Austin's Story

You know when you see those stories in the paper that sound like a bad day on Coronation Street? Well here’s mine … Which includes my teenager being sectioned twice, Successfully fighting him being force injected with anti-psychotics and holding down a high pressure sales job and a marriage and both my son and I coming out on top!

It started last June, I was 3 months into a new job selling software to big corporations, when I get a call that my son (who has lived with his mum for some years, not my choice, another story!), has been admitted to hospital with a plan to kill himself - The outcome of which, was him being sectioned under the mental health act, with probable psychosis, an ASD diagnosis & the promise of help.

Immediately this leads to 3 or 4 new mental health meetings a week plus 3 or 4 visits to my, all of which are 40 minutes drive each way from home, plus every waking hour is spent Googling what happens under a section, psychosis, legal rights, and so many terms it’s crazy.

Over the coming months, they assess, discard psychosis, let him out with zero support and he gets re-admitted, where a new doc wants to force inject anti-psychotics which is legal(!!!), but I’m against it … my stance always has been and always will be, that we are all born awesome, but we get caught up in thinking that takes us away from this … The cure is always love and understanding, because we are all mentally healthy underneath, we just forget it sometimes and often get told we are not awesome. So I did my research, saw that this doctor liked facts, so I walked in with a bunch of papers and stats on the bad effects of anti-psychotics, including the shocking number of deaths, plus an amazing paper called the Power, threat, meaning framework, which basically says we should be asking ‘what happened to you’re not ‘what is wrong with you’ … The doctor agreed several weeks of therapy instead of drugs thankfully!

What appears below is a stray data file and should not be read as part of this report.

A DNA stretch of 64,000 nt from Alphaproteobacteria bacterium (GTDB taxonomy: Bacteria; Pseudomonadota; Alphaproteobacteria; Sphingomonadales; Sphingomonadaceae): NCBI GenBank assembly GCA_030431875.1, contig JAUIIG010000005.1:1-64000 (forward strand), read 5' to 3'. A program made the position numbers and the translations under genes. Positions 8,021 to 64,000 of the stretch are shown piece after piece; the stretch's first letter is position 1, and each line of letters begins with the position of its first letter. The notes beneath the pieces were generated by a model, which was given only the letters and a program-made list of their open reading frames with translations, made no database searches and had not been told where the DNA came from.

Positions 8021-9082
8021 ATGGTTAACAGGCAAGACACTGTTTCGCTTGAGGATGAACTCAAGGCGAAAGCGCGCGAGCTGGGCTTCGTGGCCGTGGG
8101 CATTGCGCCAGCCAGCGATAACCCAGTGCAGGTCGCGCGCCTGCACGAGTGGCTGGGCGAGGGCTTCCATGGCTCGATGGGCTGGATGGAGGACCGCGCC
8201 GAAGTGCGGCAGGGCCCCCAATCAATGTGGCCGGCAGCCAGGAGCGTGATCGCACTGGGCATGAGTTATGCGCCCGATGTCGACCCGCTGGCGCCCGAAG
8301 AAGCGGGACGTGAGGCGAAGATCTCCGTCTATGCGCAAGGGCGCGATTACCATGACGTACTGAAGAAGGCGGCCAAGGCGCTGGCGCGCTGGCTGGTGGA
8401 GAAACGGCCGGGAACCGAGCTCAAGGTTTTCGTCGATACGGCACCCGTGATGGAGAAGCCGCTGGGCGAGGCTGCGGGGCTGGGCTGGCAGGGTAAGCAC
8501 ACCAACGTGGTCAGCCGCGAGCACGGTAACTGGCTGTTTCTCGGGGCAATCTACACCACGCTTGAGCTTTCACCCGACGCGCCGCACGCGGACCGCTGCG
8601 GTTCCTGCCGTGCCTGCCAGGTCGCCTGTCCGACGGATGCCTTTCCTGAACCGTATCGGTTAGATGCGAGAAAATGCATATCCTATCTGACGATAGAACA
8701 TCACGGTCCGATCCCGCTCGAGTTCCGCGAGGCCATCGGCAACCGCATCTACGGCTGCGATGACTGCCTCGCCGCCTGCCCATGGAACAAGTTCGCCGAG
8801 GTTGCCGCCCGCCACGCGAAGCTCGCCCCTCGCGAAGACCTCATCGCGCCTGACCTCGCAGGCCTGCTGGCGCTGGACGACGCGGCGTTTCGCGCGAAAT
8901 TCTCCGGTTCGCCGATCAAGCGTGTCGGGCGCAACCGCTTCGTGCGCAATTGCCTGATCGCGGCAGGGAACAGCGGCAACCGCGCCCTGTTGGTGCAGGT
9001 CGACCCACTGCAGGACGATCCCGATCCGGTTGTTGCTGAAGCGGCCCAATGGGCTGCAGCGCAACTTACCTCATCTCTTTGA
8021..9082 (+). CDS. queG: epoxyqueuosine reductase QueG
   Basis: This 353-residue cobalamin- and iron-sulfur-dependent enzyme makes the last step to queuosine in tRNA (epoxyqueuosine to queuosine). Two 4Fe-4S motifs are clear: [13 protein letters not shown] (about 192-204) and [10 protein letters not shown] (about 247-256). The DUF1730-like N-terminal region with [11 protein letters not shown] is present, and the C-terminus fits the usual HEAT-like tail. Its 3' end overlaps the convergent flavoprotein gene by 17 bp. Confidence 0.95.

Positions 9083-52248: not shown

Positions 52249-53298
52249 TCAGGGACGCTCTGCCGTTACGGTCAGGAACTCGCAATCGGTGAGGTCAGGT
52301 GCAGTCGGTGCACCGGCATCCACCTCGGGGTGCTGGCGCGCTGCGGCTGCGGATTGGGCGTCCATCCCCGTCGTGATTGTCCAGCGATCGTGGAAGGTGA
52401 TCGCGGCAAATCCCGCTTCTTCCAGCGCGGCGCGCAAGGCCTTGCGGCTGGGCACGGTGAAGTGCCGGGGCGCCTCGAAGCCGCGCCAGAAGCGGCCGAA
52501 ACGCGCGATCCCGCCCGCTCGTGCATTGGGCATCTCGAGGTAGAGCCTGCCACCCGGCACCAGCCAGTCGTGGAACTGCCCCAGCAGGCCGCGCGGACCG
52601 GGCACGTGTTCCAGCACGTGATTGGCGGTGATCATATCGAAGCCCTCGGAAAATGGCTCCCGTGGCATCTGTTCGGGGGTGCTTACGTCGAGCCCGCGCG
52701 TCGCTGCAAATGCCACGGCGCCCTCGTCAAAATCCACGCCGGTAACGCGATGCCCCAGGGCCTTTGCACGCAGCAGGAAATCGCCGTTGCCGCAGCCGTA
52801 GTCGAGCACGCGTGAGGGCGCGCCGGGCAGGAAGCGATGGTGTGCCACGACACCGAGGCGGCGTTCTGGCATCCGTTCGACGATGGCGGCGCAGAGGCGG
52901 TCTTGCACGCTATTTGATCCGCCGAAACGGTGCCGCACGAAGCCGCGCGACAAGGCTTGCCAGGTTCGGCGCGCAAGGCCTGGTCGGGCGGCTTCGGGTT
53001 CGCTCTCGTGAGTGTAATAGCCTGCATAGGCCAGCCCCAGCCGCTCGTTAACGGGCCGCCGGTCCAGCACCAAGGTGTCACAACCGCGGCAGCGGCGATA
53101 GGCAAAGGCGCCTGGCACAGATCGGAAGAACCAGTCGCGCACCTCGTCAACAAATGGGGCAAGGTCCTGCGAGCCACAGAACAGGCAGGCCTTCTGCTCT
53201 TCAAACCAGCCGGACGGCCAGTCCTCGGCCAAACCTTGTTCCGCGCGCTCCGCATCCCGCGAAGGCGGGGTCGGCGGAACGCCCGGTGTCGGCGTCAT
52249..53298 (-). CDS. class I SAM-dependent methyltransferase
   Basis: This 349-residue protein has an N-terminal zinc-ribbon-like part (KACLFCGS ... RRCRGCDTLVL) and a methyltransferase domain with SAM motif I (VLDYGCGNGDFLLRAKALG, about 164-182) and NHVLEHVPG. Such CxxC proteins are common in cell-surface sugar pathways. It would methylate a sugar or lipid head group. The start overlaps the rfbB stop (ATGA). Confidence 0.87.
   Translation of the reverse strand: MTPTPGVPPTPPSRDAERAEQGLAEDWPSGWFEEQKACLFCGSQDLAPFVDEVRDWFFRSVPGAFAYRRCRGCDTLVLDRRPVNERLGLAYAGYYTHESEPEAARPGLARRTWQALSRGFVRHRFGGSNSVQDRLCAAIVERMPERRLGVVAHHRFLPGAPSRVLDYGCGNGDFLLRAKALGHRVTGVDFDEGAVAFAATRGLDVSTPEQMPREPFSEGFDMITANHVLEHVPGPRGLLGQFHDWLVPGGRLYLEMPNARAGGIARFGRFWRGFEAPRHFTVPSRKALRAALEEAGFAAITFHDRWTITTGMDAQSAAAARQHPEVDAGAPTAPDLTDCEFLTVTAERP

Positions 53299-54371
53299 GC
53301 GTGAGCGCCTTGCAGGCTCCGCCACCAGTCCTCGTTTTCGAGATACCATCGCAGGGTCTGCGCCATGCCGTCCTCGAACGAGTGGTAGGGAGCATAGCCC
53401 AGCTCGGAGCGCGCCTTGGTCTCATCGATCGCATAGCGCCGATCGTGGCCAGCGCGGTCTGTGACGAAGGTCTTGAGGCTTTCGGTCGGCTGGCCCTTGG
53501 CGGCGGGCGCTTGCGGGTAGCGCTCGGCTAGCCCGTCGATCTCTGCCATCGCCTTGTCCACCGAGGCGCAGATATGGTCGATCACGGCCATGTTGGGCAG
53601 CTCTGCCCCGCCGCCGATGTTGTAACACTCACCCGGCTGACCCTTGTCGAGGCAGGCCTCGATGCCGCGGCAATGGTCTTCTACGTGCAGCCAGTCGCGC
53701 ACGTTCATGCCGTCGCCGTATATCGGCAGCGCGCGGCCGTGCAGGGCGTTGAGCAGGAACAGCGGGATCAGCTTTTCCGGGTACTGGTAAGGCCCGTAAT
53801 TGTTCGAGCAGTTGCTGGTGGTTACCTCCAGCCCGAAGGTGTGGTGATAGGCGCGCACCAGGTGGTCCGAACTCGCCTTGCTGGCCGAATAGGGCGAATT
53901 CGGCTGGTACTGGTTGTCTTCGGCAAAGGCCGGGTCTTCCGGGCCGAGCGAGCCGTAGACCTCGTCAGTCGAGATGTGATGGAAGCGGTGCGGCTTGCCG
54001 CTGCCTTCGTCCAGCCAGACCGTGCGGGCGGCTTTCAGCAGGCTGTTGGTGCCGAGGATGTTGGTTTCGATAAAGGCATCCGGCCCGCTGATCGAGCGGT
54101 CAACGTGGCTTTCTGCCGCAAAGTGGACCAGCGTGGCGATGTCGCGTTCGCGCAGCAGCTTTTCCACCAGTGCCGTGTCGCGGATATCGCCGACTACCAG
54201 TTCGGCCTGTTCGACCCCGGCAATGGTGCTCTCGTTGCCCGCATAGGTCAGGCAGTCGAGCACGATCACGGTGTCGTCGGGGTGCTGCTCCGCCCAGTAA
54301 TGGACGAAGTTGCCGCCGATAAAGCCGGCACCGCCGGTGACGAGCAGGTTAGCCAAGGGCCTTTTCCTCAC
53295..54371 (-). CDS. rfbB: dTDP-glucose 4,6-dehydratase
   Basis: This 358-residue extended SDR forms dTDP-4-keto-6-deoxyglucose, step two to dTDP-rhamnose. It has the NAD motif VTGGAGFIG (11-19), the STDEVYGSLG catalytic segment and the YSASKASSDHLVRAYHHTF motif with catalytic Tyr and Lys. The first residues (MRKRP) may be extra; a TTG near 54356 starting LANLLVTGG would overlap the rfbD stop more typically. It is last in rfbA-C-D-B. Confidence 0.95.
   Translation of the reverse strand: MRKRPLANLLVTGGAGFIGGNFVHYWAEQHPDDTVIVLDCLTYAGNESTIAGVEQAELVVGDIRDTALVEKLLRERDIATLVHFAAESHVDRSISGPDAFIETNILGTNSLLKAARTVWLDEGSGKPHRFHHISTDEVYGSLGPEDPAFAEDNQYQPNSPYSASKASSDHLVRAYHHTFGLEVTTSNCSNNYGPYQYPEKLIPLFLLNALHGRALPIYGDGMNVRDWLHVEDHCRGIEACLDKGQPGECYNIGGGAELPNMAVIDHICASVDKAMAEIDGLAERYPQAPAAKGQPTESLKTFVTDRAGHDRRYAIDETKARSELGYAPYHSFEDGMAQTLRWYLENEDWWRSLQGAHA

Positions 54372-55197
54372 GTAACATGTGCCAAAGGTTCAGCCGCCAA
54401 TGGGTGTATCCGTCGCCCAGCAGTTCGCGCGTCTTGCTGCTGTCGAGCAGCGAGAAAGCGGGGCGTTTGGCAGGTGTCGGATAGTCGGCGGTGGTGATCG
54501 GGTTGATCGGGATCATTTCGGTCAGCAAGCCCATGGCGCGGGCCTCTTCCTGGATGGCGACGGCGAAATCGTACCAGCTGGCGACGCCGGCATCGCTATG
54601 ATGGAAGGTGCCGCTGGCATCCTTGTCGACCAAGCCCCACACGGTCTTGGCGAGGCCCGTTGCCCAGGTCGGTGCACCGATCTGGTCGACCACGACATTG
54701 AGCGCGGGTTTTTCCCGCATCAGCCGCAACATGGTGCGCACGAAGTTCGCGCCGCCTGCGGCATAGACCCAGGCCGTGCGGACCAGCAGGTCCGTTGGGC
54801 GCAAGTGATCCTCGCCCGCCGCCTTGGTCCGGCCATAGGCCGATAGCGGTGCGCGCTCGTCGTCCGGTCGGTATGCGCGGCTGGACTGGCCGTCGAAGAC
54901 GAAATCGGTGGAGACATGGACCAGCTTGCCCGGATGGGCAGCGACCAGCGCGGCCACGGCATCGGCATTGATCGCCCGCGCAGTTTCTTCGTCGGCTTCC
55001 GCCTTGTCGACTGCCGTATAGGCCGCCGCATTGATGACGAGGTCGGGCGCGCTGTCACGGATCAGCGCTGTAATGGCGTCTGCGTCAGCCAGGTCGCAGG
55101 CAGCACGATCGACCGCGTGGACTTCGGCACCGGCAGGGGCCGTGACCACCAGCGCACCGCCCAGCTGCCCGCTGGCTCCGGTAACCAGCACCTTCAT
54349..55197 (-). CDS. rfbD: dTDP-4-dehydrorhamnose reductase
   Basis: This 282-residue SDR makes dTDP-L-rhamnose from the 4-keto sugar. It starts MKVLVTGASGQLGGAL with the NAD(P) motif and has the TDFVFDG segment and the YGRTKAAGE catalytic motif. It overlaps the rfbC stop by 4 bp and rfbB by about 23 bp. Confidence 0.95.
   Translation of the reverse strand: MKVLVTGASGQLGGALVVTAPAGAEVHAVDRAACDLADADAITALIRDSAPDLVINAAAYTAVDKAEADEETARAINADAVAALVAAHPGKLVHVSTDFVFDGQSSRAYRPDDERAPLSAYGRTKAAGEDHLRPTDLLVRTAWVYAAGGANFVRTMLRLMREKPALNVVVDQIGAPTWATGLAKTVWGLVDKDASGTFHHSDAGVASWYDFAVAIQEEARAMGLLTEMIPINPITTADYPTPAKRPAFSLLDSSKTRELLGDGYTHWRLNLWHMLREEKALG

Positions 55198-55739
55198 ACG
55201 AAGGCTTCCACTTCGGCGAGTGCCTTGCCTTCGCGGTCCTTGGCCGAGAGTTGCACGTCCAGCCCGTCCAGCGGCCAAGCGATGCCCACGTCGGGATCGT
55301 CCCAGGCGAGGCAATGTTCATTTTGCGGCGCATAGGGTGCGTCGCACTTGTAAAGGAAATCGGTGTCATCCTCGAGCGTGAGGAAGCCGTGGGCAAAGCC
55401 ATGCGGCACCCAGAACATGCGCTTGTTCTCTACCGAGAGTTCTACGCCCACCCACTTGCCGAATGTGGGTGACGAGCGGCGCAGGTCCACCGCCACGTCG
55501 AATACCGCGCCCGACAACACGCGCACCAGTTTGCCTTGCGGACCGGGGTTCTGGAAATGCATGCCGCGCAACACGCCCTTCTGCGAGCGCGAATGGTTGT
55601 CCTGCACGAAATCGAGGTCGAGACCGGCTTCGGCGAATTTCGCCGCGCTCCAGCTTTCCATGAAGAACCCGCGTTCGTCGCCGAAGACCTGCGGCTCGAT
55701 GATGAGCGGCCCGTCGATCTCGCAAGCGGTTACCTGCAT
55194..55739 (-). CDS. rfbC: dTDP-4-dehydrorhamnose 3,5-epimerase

Things levelled out, the diagnosis of ASD became the focal point, but it still didn’t fit for him. My strategy has just been to turn up with love every time, play games, listen to music, remind him of his awesomeness and this seemed to help him level out. One day, we had a conversation on how things that might have been useful in the past, might not serve us any more … three days later, he’d worked it out for himself. The staff were stunned, a literal overnight miraculous change is unheard of in these situations, yet my son had remembered his own awesomeness, realised he didn’t need to hang on to thinking that he had held so tight, and 2 weeks later, he was fully discharged from hospital!

For me, I was lucky that I’d worked out that life works inside-out, not outside-in a few years back – That my thoughts create the reality I’m in, not what people do or say to me, but how I think about that is what’s really key. Couple this with the belief that every single person was born awesome and you can literally get through anything and not just survive, but thrive!